Friday, July 27, 2018
The vast majority of doctors who have flown on airplanes have heard this, and most of us are willing, if not entirely eager, to respond. What follows is usually a far from ideal encounter with inadequate information, too much noise, a cramped space to work in and little knowledge of what is expected or even possible.
My experiences (I think there have been 3) were people who had become dizzy or had passed out. One of them was pretty frail, but none required that we land before our destination airport. What I learned was that:
1. More than one physician usually responds to these calls. As a general internist, I'm usually the most appropriate person to evaluate the patient (winning out over ophthalmologists, dermatologists and obstetricians.)
2. The flight attendants are very grateful, bring me an extra glass of juice and promise some kind of compensation from the airline which may or may not materialize.
3. It's really pretty challenging to do it right, and I end up spending weeks thinking about the ways I could have done it better.
Since the last experience, I have looked up what is in an airplane medical kit. There is a stethoscope, a blood pressure cuff, an IV and some fluid, some IV glucose for hypoglycemic patients, an asthma inhaler, some non-aspirin pain reliever and some actual aspirin for suspected heart attacks, some medication for severe allergic reactions and some stuff that might be useful in a cardiac arrest. All planes must carry an automatic external defibrillator, which is as it should be. There is nothing particularly useful for nausea, severe pain or anxiety.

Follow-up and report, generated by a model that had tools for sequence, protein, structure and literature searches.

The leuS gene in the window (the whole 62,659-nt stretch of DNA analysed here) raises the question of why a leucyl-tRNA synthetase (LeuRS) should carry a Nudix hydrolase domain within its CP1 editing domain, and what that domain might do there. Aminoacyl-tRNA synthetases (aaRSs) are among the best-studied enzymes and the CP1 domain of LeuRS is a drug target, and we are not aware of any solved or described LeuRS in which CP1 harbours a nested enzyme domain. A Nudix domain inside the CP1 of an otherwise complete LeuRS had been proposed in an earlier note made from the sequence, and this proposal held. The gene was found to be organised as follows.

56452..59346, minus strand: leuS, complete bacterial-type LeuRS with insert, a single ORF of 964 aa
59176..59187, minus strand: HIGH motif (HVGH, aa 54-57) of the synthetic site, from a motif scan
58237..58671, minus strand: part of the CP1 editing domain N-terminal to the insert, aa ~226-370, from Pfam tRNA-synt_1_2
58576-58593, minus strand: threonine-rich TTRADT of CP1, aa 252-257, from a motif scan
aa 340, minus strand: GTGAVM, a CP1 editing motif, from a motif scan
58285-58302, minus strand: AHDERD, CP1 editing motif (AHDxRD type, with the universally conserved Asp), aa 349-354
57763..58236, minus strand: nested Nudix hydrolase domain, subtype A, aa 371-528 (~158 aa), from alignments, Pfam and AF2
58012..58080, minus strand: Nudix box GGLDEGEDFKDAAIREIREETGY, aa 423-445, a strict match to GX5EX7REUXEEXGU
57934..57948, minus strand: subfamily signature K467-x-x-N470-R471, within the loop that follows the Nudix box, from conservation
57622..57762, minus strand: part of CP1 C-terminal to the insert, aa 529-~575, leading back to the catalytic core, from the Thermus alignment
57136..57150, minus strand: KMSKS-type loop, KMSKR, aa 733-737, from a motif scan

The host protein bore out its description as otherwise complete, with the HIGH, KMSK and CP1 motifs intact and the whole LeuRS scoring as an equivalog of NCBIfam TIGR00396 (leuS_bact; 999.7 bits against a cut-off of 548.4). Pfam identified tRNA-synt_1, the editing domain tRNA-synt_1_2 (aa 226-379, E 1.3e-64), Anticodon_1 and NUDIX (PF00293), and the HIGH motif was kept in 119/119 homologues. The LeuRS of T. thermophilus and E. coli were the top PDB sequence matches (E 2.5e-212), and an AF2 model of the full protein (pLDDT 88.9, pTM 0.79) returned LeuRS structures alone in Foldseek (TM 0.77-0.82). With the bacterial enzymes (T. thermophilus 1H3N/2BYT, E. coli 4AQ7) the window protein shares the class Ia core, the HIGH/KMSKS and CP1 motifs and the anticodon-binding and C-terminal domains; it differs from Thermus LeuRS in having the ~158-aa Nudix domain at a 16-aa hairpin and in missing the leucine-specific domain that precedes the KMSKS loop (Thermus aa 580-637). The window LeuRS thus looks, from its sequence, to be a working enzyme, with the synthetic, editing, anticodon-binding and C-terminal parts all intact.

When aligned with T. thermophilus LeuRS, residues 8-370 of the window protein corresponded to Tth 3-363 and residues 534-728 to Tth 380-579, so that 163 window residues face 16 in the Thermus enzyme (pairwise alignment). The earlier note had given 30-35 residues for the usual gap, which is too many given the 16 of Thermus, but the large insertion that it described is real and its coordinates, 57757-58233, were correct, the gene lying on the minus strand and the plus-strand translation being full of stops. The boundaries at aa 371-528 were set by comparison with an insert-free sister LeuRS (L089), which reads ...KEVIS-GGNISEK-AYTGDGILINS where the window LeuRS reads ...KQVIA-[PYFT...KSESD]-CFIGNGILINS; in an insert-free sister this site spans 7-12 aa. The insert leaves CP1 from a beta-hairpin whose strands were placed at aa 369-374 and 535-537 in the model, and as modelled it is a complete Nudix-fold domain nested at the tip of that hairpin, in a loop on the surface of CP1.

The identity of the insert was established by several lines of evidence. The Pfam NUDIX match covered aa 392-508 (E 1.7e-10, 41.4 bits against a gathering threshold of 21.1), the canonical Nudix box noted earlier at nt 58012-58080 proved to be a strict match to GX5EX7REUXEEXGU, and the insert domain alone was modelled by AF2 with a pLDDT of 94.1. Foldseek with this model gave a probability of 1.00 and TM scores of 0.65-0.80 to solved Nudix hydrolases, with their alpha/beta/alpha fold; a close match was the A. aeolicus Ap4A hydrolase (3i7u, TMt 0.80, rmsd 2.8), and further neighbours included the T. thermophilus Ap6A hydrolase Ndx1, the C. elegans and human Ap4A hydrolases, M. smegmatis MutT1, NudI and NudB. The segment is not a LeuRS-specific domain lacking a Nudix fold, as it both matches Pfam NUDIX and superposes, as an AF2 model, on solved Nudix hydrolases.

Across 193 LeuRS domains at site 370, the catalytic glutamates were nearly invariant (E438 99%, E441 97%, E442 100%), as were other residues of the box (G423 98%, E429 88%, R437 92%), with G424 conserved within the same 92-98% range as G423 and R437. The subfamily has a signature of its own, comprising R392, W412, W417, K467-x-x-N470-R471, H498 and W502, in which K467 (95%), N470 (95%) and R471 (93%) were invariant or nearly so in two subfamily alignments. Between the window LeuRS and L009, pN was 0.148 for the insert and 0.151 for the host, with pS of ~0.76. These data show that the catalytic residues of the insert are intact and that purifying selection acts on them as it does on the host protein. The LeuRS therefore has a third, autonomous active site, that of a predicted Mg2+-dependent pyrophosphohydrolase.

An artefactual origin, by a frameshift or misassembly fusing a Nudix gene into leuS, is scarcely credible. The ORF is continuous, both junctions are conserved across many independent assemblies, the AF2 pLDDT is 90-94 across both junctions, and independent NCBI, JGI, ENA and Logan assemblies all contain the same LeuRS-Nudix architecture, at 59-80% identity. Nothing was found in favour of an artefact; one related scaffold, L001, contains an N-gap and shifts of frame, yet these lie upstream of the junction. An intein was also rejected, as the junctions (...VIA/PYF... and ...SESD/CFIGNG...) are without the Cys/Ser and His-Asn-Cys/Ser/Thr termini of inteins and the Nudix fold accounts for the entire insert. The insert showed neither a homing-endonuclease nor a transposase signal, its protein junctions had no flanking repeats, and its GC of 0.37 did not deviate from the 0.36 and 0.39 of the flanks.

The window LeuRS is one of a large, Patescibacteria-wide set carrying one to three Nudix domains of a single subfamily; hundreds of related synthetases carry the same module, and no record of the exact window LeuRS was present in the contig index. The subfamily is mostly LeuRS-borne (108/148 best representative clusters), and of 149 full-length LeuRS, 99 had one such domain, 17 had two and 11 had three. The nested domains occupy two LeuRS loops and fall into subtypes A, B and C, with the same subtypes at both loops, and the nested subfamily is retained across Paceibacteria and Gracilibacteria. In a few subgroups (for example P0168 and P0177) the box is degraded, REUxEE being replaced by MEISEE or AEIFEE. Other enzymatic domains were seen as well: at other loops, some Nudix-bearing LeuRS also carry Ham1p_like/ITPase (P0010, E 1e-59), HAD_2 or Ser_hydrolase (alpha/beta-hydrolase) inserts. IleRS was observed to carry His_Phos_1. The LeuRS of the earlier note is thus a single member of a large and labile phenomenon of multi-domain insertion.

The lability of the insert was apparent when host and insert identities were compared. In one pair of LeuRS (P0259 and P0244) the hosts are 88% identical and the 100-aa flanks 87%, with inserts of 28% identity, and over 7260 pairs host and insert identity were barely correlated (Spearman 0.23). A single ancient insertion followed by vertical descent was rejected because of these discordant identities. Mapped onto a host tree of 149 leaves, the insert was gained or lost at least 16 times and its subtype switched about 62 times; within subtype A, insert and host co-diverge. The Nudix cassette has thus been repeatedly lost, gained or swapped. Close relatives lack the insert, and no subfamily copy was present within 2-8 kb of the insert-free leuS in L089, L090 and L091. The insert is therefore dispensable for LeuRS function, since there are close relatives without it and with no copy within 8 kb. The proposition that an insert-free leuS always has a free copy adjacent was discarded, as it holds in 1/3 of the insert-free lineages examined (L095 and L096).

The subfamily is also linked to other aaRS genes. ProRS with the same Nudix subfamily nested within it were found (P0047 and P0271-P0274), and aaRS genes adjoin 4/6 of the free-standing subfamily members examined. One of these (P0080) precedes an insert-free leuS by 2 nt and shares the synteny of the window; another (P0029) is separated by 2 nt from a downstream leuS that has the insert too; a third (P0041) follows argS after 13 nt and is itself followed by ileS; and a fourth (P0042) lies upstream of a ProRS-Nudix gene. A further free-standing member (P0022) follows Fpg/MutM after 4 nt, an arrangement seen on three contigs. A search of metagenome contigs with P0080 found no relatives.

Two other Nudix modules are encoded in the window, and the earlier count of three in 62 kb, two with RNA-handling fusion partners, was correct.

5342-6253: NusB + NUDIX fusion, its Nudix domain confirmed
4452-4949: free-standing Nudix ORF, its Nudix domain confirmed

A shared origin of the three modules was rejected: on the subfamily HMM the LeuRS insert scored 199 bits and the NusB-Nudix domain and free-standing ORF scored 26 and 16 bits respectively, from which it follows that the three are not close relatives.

There is no protocol that I was aware of regarding what needed to be done. There was no obvious way to communicate with the doctor who would take care of that patient after the event in the plane about what had actually happened. There was no way to find out whether the patient did OK after he or she got home that I could use to help guide my next experience.
I just recently had a discussion with a couple of other physician friends (overachievers I guess) about what we do and how to prepare for the inevitable "doctor on a plane" scenario. Despite not knowing whether we had made the right decisions (other than that our patients remained alive and presumably vertical at the end of the flight) we all wanted to do better. We had been good Samaritans, but we wanted to be very good Samaritans.
The first thing we discussed were our tools and tech. My kit includes a small ultrasound (if I'm going somewhere medical, which I usually am), a tiny two lead electrocardiogram which works with my iPhone and fits easily in my purse, my lightweight stethoscope (which actually works, unlike the ones on the plane) and a not-so-basic first aid kit with medication for various random diseases. My friend carries an oximeter (measures blood oxygen level) as well. I always have a downloaded copy of UpToDate, a constantly updated disease and treatment encyclopedia, on my phone.
I try to find out my patient's story, including medical history and what they think is going on. I provide as much compassion and reassurance as such a cramped space will allow. Still. I think I could do better.
The main problem is not that I didn't think to bring the oximeter, but the fact that the process is bad. Airlines know that medical emergencies happen when they are aloft. They should be less random about how they respond. According to Bloomberg, many airlines contract with MedAire, a remotely available medical service that serves aviation and yachts and other situations that require medical advice at unscheduled times. Apparently they must only use this service when they think they need it, because none of my events seemed to use any remote support. But it is available. Why, as the doctor responding to the emergency, did I not know that they were available?
A person who gets sick on a plane is in a bad situation. He or she is often old, sometimes alone and always vulnerable. It is frightening and embarrassing be sick on a plane. Airlines charge lots of money for their services and are at risk for expensive diversions and crushing damage to their reputation if these scenarios go poorly. They should try to get this right.